serena williams at the 2018 us open and mitchell kuga on a tennis court
Photo by Tim Clayton/Corbis via Getty Images / Photo by Cherry Iocovozzi

I Watch Serena Williams Work Her Ass Off to Do Literally Any of My Own Work

If she can win 23 Grand Slam titles, perhaps I can sit down to write, say, 1,000 words.

This Is Fine. is a weekly newsletter from VICE about the personal tactics people use to make the world feel less harrowing. In this edition, Mitchell Kuga talks about watching Serena Williams videos to combat procrastination. Sign up here to receive an essay about a dealing-with-life strategy via This Is Fine. every other Sunday evening.

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Illustration by Esme Blegvad.

Before I start writing, which is my full-time freelance job, I have a little ritual to get my brain working: light palo santo; meditate; scroll Instagram; scroll Twitter; check email; call a friend; clean the toilet; check my bank account; organize my closet; stare at the ceiling; scroll Instagram; slip into a Wikipedia hole; talk to my husband about what I think I might write; read my horoscope; try on seven “writing outfits”; whine; scroll Instagram; child’s pose; scroll Instagram; scroll Instagram; scroll Instagram.


This ritual feels sacred. Without it, I absolutely, 100 percent cannot sit down to write—or, at least that's what I tell myself in moments when I'm doing everything in my power to avoid writing, even though I'm on deadline. I’ve tried embracing my procrastination as integral to my process and as vital to the act of writing as actual words and punctuation. But the truth is that wasting time mostly feels like a waste of time. In the gig economy, which is predicated on the idea that every second can and should be monetized, not actively working fills me with dread.

In those moments of dread, I turn to a means of procrastination that doesn't feel completely like slacking: watching YouTube highlight reels of Serena Williams. Serena Williams Top 50 Amazing Points. Serena Williams - Mindblowing Forehands. Serena Williams - top 10 GRUNTS and CELEBRATIONS after big points.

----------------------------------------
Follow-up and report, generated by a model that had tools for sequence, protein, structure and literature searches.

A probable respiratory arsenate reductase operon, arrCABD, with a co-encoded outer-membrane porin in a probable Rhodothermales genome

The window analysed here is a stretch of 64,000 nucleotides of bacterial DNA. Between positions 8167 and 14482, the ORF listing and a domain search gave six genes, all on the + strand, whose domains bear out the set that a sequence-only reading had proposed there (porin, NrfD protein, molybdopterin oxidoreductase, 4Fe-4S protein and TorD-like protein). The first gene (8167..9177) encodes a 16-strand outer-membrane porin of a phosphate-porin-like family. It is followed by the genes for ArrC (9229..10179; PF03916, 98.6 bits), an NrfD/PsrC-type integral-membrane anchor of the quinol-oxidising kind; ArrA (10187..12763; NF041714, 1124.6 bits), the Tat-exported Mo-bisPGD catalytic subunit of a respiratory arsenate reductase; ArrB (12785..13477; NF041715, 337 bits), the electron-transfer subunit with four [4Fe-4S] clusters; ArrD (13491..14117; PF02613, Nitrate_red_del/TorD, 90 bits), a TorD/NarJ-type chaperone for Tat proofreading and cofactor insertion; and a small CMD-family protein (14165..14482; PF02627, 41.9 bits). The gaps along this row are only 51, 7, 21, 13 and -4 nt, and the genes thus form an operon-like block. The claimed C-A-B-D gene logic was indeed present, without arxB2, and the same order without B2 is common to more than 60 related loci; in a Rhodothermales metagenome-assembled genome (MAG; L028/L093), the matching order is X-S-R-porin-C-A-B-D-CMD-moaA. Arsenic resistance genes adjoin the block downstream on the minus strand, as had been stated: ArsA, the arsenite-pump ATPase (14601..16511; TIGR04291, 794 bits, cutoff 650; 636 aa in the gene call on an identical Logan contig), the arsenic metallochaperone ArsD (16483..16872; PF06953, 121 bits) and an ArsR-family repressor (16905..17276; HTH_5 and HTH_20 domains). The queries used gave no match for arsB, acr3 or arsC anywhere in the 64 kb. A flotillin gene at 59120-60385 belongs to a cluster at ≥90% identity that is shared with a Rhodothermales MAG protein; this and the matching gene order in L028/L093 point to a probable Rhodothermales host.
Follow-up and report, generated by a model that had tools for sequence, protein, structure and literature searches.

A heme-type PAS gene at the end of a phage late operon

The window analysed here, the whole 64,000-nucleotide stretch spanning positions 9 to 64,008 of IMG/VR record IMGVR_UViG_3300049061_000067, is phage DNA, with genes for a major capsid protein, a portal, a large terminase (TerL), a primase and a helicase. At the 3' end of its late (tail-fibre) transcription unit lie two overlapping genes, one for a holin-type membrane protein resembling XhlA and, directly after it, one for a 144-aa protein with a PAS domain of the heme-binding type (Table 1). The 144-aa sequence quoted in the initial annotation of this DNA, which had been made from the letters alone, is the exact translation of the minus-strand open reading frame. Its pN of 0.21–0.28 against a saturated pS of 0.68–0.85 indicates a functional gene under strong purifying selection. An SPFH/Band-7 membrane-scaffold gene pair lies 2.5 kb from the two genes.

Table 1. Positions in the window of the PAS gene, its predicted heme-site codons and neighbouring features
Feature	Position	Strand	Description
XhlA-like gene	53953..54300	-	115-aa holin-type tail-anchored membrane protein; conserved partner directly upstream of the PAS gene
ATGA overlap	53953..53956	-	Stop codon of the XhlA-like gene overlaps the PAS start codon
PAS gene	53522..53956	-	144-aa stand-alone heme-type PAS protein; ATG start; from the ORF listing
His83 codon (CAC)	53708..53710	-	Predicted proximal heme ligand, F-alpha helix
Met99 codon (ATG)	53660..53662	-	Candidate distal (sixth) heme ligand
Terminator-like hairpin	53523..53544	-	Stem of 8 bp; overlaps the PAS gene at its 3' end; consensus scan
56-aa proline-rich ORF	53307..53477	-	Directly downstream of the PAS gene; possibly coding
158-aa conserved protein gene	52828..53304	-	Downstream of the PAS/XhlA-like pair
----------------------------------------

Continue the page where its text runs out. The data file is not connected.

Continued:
Besides providing me the simple joy of witnessing the greatest athlete of all time, highlight reels of Serena smashing tennis balls are particularly helpful during acute writer’s block. The affliction can make writing feel impossible, like I'm trapped in place between indecision and vacancy. I’ve always envisioned that immobility as the result of a physical block that must be penetrated or demolished, typically through force.

The crack of Serena’s forehand is all force. Force is in the sizzle of her serve and the bite of her backhand. I love watching that force dominate her challengers, particularly when you least expect it. My favorite clips are when you’d bet against her—when Azarenka or Radwanska or someone else with an impossibly European name hits a ball that is sorely out of reach and Serena suddenly appears, racquet outstretched, and returns a winner. Serena, fist pumping in a tutu designed by Off-White and Nike, isn’t stuck, even when she's up against what feels like insurmountable odds. Watching her, I believe I could be unstuck, too.